The American Society of International Law's Electronic Research Guide provides research guidance on the difficulties of finding authentic, complete treaty series or even reliable texts of individual treaties. Various Web options are explored, from the UN Treaty Collection, to government sites (US and non-US), and intergovernmental organizations (IGOs), such as the Council of Europe and the World Trade Organization (WTO). Non-governmental organizations, such as the Red Cross and university-based resources around the world, are identified and their scope described. Tips on how to find elements other than the text of the treaty, for example signature, ratification and reservations are provided, as well as various research tools including catalogs, indexes, search engines, and current awareness services.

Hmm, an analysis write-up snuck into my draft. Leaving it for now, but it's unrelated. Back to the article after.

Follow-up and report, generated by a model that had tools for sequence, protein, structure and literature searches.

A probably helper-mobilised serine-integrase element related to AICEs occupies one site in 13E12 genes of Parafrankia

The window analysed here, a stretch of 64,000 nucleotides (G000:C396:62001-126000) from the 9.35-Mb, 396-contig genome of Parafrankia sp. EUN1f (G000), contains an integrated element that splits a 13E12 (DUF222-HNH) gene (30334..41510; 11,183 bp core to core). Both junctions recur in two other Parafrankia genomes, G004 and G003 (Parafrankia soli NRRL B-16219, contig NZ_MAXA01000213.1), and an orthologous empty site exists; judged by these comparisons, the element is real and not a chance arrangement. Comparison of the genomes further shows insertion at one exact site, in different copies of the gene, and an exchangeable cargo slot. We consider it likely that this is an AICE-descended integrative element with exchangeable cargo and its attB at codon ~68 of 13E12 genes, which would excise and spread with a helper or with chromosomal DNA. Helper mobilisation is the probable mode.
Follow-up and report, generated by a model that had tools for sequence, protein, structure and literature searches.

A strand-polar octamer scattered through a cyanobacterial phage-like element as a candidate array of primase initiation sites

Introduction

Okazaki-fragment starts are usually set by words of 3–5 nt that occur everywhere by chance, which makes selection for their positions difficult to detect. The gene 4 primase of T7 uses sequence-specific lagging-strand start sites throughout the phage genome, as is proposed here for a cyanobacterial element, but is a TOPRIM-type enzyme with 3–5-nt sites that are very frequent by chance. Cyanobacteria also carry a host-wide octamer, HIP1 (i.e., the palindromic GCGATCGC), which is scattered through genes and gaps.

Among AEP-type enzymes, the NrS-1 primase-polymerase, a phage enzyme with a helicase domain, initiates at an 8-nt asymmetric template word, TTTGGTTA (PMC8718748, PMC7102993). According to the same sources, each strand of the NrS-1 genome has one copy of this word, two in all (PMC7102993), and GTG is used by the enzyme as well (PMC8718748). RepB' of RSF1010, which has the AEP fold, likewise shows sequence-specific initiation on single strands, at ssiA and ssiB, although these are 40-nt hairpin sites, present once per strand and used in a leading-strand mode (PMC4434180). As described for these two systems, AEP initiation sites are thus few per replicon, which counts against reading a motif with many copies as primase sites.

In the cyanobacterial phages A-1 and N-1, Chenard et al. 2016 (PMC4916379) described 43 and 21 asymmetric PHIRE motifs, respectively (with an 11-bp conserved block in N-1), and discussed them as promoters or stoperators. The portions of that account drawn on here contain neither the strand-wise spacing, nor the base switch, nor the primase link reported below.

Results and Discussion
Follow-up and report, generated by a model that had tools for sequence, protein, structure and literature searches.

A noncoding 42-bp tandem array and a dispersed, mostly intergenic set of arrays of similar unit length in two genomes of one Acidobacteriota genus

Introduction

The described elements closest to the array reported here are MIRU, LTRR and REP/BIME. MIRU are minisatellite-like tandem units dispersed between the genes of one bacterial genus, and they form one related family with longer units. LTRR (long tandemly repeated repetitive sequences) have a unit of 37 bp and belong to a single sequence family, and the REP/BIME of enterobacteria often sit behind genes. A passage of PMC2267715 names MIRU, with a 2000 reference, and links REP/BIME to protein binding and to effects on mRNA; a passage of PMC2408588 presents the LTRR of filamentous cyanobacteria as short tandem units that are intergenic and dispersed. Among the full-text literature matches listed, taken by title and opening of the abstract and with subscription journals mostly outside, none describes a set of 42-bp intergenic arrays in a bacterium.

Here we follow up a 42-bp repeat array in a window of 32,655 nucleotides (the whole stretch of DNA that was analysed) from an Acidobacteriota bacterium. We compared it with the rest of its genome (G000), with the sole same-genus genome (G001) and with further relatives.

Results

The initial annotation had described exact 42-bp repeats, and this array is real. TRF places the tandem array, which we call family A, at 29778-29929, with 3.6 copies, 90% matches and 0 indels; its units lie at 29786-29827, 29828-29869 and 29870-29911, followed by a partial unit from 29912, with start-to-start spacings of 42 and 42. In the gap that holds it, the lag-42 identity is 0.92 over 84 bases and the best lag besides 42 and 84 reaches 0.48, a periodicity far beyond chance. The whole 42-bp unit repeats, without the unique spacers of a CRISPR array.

Some important questions to ask before starting your research:
· Is it a bilateral or multilateral treaty?
· Who are the parties to the treaty?
· Is the treaty in force?
· Has the treaty been signed, ratified, repudiated, or modified?
· Are there reservations to the treaty?
· Is there an international organization that oversees or administers international law in the subject area of the treaty?
(Source: An Introduction to Public International Law Research By Vicenç Feliú July 2010 NYU Globalex)